The Octopus eats more than 400 calories
part of a loose series on weight, wellness, and what it all means
I'm continuing my exploration of weight, wellness, and what it all means by taking a first look at the concept of the 400-calorie meal (the short version: it’s BS).
First, a request: If you feel that this exploration would be unhealthy for you, please practice good boundaries and unsubscribe or stop reading. I know for many of us, and this certainly includes past-me, ANY conversation around weight can be triggering and upsetting. I don't want to cause problems for you, and would much prefer that you unsubscribe than find yourself in an unhealthy place because of something that I've written.
Here's what I've covered already if you want to catch up:
And now, the real meat of the matter:
The 400-calorie meal. I see this sometimes--there's a few cookbooks bouncing around with "400-calorie" in their titles. It gives the impression that 400 calories is the right size for a meal. We should probably be aiming for that, maybe, or at least try not to exceed it by too much. Certainly, this all implies, eating a whole lot more than 400 calories--1000 calories in a single meal--would be unhealthy and gluttonous.
Actually, there aren't just a few cookbooks. A quick Amazon search turns up page after page, all of which imply (or even promise) effortless weight loss and weight maintenance. Never eat more than 400 calories and you can be skinny forever.
Which isn't a particularly articulate or sufficient response, so instead of just smashing my head into a wall repeatedly, I'll unpack it a bit. (But really, "ugh" sums it up.)
First of all, I just want to say that whenever anyone, in regards to health and wellness, says, "it's easy, all you have to do is..." I'm immediately suspicious. Generally, that means that they've oversimplified something, are out to sell you the key to this "easy" solution, or don't understand the science. Or all three. So this concept of 400-calorie meals (or, as I've seen in other places, 300 or 200 or even 100) immediately raises that red flag.
Famine in the brain
Second, as I said in an earlier newsletter, our bodies don't know what our brains know--that there's plenty of food available at the store, we're just choosing to eat less because we've decided to do so. Our bodies understand the truth of what we experience. The truth of hunger, the truth of fullness. Based on this information--have we eaten enough today--our bodies act to make sure that we'll survive. Without getting enough to eat, our bodies know that we're in a famine and that in order to live through it, our bodies will have to take drastic measures.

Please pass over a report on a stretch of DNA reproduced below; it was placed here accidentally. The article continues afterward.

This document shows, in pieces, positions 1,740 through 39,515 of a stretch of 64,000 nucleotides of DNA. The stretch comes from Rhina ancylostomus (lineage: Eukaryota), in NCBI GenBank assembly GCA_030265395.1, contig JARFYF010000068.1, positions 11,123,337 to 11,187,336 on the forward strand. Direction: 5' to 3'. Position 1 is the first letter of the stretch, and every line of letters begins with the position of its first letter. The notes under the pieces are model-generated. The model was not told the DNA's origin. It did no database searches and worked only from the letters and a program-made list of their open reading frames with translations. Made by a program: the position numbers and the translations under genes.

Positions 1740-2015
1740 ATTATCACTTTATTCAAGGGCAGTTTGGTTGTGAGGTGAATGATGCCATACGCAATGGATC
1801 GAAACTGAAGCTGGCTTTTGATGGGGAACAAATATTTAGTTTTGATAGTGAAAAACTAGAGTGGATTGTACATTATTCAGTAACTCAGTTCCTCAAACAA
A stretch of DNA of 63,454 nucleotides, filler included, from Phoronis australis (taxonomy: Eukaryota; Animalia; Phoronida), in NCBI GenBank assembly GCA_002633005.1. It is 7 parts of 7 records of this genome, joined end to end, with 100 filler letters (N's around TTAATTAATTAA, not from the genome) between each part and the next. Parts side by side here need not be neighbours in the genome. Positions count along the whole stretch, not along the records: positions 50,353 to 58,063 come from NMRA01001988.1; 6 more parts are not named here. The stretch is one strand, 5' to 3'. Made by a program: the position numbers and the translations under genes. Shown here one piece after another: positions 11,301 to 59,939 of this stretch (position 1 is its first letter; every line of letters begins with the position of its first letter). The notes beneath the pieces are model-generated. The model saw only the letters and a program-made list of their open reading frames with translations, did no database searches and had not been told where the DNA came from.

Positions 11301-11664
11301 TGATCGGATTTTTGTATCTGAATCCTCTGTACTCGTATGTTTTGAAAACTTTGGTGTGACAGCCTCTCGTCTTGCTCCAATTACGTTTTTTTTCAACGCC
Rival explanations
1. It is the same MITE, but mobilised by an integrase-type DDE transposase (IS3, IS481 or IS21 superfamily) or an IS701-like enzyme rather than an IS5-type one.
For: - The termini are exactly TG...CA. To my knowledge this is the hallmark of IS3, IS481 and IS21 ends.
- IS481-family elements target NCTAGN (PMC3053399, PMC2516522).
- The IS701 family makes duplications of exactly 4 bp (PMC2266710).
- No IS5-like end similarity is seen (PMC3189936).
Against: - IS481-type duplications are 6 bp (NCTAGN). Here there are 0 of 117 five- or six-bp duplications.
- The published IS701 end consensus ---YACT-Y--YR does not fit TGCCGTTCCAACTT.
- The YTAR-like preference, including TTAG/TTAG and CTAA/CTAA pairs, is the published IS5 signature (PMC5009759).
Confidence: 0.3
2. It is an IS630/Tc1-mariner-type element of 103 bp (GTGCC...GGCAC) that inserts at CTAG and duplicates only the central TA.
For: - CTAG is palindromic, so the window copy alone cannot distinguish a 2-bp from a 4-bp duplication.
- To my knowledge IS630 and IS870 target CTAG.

Third, not all meals are equal. The idea of the 400-calorie meal makes a few assumptions--that no meal should exceed 400 calories, that it's sufficient for the main meal (or meals) of the day to be limited, and that we're eating three 400-calorie meals a day (maybe four, if the authors are being generous).
Wrong, wrong, and wrong. Which means that next week I need to write about meals and how we can structure them to better serve us, before I can really pull together the reasoning on why the 400-calorie concept irritates me so much.
Plus, I need to write about satisfaction and fullness. So many things I want to cover.
For now, I want to give you a very solid take-away from this:
You are allowed to eat until you're full and satisfied.
You don't have to stop after one serving, or after a certain number of calories, or whatever other metric. Your body is very smart, smarter than your brain. If you eat until you're full and you feel satisfied, you'll be doing great. It's not a flaw in your programming, that you're still hungry after eating "rabbit food," or that you're still wanting to eat even after you've finished a meal that the calorie counter says is sufficient.
You're allowed to eat until you're full and satisfied.
For those of you who've taken a nutrition/eating workshop with me, you've heard me talking about this before. For everyone else, pay attention to the foods that help you feel full and satisfied. What meals makes you feel content and happy? What meals leave you standing in front of the fridge, maybe with a full stomach, still wanting something more to finish it off?
Know that paying very close attention to these two different sensations, fullness and satisfaction, is the key to knowing how much to eat, and what to eat.
And no matter what you see in your Instagram feed, remember:
You're allowed to eat until you're both full and satisfied.
Thanks for reading this series on weight, wellness, and what it means. It's a topic that I feel very passionately about, and that I think most people get very wrong. There are a lot of components that going into understanding it, and I'm grateful that you're sticking around for the ride. Not a subscriber? Sign up. Already a subscriber? Consider supporting my work by sharing it with a friend.